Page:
Featured Research

from universities, journals, and other organizations

Opportunity on verge of new discovery: Mars rover poised on rock that may yield yet more evidence of a wet Red Planet

Date:
September 17, 2011
Source:
Washington University in St. Louis
Summary:
The Mars rover Opportunity, which was designed to operate for three months and to rove less than a mile, has now journeyed more than seven years crossing more than 21 miles. Today, it is poised at the edge of a heavily eroded impact basin, the possible location of clay minerals formed in low-acid wet conditions on the red planet.

Pancam false color mosaic of the rock target Chester Lake, acquired on sol 2709 (the 2,709th day of Opportunity’s mission). This rock, located on Cape York, on the edge of the Endeavour crater, is a breccia in which various rock fragments have been cemented together in a finer-grained matrix, probably during formation of the Endeavour crater billions of years ago. Opportunity is about to make in-situ measurements of this rock which will determine whether it contains clay minearals formed in the presence of water.

Shortly after Labor Day 2011, the Mars rover Opportunity was poised on the rim of the 22,000 meter-wide Endeavour Crater, preparing to sample a novel rock type. Much older than the sedimentary samples the rover's "tasted" so far, this new sample is flush with the promise of revealing clues to the planet's environment when running rivers coursed the surface.

Related Articles


What was supposed to have been a 90- to 180-day exploration of two distinct regions of the red planet has turned into a saga that has become one of science's most compelling and long-lasting adventures (now into its eighth year), enthralling the public and the science communities alike.

Launched the summer of 2003 and landing in January 2004, the solar-powered Mars Exploration Rovers (MER) Spirit and Opportunity completed their intended basic missions in April 2004. Each continued roving until March 2010, when Spirit, mired in unexpected but scientifically interesting martian sand and pointed in an unfavorable direction to survive the winter dark, gave up the ghost.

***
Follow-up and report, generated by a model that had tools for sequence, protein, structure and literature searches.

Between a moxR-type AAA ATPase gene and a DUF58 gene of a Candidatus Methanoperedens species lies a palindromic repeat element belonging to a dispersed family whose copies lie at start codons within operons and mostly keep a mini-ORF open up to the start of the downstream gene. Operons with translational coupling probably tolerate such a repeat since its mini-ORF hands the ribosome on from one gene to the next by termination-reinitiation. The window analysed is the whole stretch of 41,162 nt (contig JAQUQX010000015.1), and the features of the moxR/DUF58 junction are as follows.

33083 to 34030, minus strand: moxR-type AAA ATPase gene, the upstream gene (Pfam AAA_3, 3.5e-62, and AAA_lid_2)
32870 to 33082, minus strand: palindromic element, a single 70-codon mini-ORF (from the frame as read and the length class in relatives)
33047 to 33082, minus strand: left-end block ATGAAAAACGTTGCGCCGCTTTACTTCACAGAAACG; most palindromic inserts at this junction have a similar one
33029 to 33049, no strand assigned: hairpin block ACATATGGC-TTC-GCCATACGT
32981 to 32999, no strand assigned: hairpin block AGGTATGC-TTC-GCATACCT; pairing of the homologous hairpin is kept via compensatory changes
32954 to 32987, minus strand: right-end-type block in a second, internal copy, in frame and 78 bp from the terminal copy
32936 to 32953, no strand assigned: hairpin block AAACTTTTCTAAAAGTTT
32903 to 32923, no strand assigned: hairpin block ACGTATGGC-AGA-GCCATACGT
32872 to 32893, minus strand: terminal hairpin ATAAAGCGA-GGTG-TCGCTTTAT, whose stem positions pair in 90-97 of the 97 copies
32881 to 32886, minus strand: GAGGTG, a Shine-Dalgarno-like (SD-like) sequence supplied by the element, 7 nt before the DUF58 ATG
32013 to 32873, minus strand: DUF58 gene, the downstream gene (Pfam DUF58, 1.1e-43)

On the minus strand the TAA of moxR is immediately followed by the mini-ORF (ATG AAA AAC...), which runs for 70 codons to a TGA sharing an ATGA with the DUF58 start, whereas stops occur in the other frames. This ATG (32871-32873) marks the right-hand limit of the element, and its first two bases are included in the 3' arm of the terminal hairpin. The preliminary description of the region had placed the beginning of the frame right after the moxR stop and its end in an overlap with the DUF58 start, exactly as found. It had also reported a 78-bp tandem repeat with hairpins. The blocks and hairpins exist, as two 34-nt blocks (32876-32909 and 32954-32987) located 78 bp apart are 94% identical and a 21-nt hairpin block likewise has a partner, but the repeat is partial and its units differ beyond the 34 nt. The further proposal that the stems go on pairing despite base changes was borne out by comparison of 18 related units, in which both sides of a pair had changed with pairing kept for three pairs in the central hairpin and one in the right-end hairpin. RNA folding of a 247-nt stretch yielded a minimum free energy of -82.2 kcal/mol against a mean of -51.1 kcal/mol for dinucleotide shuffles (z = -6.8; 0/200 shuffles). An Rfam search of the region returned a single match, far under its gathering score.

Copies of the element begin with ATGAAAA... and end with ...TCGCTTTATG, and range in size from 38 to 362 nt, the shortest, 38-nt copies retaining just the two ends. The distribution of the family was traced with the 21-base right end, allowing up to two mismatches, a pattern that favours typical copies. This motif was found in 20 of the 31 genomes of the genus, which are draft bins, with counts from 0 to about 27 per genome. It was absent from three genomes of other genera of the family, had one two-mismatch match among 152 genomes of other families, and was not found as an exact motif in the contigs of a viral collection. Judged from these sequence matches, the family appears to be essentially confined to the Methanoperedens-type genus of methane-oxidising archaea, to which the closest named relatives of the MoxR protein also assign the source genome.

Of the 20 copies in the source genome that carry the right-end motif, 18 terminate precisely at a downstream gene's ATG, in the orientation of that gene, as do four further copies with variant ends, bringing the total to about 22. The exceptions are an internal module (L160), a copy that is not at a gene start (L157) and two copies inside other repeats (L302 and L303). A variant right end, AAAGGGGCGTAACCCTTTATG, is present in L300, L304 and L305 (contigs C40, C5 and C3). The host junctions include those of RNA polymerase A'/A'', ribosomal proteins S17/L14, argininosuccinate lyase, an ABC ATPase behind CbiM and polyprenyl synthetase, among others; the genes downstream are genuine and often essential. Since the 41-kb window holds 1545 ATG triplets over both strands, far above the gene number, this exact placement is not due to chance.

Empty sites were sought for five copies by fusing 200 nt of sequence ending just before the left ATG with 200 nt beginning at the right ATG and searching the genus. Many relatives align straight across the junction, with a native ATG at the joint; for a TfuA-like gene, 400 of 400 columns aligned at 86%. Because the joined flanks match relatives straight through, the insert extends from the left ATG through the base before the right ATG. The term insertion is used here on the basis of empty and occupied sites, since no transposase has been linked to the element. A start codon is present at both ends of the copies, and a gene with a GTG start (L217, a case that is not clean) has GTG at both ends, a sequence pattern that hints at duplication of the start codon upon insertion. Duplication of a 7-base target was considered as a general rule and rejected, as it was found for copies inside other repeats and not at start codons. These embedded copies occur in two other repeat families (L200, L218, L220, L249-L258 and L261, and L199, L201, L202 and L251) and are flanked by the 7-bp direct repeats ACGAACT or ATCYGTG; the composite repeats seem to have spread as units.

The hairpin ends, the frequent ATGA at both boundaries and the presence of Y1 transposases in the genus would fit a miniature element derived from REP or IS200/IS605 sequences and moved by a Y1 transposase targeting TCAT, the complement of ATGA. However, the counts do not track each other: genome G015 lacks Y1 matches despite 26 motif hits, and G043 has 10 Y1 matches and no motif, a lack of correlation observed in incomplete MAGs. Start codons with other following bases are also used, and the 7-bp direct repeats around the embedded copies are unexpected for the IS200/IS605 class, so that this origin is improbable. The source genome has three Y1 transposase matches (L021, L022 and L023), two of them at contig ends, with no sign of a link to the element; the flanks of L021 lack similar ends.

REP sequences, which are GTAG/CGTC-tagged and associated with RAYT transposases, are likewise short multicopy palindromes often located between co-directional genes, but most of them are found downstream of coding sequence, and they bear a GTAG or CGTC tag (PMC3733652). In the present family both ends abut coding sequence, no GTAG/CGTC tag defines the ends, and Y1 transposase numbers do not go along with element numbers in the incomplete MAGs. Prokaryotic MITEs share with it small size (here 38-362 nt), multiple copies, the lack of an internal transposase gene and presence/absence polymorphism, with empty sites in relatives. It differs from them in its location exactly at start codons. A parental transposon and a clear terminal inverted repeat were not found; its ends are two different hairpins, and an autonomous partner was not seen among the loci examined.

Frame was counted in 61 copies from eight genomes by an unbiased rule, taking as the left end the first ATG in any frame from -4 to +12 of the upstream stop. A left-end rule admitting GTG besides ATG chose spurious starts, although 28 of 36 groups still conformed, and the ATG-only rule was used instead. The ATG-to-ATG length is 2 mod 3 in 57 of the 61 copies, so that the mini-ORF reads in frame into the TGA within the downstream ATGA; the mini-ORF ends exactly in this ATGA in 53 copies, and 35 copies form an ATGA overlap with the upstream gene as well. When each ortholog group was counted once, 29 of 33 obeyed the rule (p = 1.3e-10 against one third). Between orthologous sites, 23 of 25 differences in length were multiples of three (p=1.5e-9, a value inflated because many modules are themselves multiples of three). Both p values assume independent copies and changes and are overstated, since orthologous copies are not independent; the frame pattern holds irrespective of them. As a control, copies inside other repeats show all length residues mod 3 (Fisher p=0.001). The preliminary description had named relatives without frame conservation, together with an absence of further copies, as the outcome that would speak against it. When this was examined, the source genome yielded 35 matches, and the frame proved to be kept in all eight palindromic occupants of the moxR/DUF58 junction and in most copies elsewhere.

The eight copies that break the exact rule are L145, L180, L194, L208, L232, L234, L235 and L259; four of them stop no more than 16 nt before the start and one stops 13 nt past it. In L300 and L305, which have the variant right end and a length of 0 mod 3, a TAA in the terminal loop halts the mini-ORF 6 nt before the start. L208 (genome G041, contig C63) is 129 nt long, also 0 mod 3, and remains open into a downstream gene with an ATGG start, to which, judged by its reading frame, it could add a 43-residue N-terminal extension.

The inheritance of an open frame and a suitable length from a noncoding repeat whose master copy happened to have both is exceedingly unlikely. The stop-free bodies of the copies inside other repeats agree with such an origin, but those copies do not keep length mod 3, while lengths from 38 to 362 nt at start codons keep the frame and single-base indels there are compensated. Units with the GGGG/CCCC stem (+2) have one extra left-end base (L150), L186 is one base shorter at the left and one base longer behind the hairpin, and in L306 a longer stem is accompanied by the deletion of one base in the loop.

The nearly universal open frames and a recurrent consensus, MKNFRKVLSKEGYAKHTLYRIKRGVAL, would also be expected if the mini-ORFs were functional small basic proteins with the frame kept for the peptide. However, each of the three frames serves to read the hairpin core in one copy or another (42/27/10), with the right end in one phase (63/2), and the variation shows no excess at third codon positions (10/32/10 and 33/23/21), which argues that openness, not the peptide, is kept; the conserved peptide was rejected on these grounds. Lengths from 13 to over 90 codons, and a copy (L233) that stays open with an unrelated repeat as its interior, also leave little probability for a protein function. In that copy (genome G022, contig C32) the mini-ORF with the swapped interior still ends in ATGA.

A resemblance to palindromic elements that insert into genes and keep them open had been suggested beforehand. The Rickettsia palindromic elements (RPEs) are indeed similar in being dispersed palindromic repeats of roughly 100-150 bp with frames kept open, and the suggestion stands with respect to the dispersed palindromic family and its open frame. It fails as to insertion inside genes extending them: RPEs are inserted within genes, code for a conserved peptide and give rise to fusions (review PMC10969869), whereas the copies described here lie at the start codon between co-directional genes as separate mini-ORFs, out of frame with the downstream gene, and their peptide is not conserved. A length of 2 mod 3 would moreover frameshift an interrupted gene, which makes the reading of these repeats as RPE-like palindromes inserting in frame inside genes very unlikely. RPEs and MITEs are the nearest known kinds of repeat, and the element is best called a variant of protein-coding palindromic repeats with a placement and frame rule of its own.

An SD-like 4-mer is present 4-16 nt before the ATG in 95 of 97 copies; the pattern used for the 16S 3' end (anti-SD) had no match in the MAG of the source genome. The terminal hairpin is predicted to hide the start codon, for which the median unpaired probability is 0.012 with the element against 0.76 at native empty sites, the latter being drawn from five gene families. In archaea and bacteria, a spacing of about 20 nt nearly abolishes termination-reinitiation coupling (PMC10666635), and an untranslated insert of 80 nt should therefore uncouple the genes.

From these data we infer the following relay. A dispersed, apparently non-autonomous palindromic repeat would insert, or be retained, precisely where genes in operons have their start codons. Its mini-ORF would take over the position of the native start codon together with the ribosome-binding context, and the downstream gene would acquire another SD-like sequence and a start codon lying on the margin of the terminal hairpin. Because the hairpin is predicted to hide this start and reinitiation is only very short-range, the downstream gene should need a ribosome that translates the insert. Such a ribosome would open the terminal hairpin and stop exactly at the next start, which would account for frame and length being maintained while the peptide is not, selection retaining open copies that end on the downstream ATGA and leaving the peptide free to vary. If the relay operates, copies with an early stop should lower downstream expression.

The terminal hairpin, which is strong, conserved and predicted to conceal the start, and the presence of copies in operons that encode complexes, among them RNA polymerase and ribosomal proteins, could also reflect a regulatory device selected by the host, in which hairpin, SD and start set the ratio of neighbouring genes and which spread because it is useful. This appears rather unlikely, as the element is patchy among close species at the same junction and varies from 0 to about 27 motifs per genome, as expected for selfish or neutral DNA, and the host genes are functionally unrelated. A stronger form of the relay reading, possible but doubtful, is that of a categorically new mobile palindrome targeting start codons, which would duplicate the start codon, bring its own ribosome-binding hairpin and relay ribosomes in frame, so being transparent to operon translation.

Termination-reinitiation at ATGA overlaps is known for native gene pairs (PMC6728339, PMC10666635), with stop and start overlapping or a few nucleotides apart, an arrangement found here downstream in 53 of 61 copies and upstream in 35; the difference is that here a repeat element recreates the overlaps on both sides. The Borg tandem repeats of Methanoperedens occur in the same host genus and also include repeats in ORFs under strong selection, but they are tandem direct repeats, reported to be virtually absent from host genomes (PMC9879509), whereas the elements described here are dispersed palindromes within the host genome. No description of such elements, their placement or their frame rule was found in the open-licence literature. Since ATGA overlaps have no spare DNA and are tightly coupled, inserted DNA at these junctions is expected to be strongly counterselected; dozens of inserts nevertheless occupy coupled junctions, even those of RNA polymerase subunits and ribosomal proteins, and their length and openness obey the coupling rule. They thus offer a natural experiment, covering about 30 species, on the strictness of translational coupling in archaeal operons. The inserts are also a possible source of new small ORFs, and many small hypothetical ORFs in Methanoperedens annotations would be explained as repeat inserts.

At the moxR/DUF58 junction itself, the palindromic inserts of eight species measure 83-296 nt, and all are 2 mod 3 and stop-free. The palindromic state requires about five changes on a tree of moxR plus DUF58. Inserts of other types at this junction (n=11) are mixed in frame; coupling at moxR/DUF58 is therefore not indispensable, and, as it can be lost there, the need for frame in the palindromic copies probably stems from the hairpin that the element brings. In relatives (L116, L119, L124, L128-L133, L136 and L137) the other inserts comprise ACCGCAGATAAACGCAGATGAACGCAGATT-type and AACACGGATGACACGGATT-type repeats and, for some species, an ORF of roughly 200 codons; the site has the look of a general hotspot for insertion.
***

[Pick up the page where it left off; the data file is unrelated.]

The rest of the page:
Opportunity, on the other hand, remains active, having reached the rim of Endeavour Crater Aug. 9, 2011, knocking at the door of geology different from any it has explored during its first seven-plus years on Mars.

"Opportunity now is in a brand new mission," says Raymond E. Arvidson, PhD, the James S. McDonnell Distinguished University Professor in Arts & Sciences at WUTL, and MER deputy principal investigator. "In late August, we looked at a rock named Tisdale, with a composition unlike any we've seen before. It has an enormous amount of zinc, bromine, phosphorus, chlorine, and sulfur, all elements that are mobile in the presence of water.

"The ancient rim of Endeavour represents a period when there was probably a lot more water on the surface," Arvidson says. "So, we're trying to get the chemical, mineralogical and geological setting to 'back out' those ancient conditions to reconstruct environmental conditions during this earlier time period."

The conditions that formed the sandstones Opportunity has sampled over the past seven years represent a kind of drying-out period of Mars. Occasionally wet but usually dry and wind-blown, the sulphur-rich mineral grains formed vast dune fields that were cemented into sandstone over millions of years by occasional seeping groundwater.

But the terrain Opportunity now is sampling -- largely buried by lake bed sediments -- pops up in places like Endeavour rim and is much older, going back to the earliest days of the planet. That's some 3.5 to 4 billion years ago in the last stages of heavy bombardment, when Mars was sweeping up the last planetessimals -- cosmic dust grains that collided and stuck to each other to form larger bodies. Endeavour is an impact crater produced during that heavy bombardment period.

Arvidson and his WUSTL colleagues also are part of the Compact Imaging Spectrometer for Mars (CRISM) team of the Mars Reconnaissance Orbiter, a craft orbiting Mars with sophisticated instrumentation that helps Arvidson and other NASA scientists determine where Opportunity should try to go next. The CRISM instrument provides spectral information on martian rocks at a super-high resolution that is processed and analyzed at WUSTL.

CRISM spectral data and other orbital data on the part of the Endeavour crater rim named Cape York indicated a good possibility that clay minerals would be found there.

"Clays form in more neutral, less acidic conditions than the sulfate-rich sandstones we've been looking at," Arvidson says. "Our hypothesis is that if there are clay minerals, the water was less acidic and therefore more conducive to life. The presence of zinc, bromine, phosphorus, chlorine, and sulfur in the Tisdale rock is exciting in that it points toward water moving through and altering the rock, although we have no evidence for clay minerals in Tisdale. Further, the Tisdale surfaces were very rough and we were unable to make use of the Rock Abrasion Tool (RAT) to clean off the surfaces to expose fresh materials.

"Thus, we moved on and are now in the thick of the hunt to find these elusive clay minerals by traversing to other rock targets and making detailed measurements, including making chemical and mineralogical observations of natural, brushed, and ground surfaces. The rock Opportunity is sitting over currently is called Chester Lake and will be our first target in which we will use the RAT to progressively expose deeper and deeper surfaces," Arvidson says.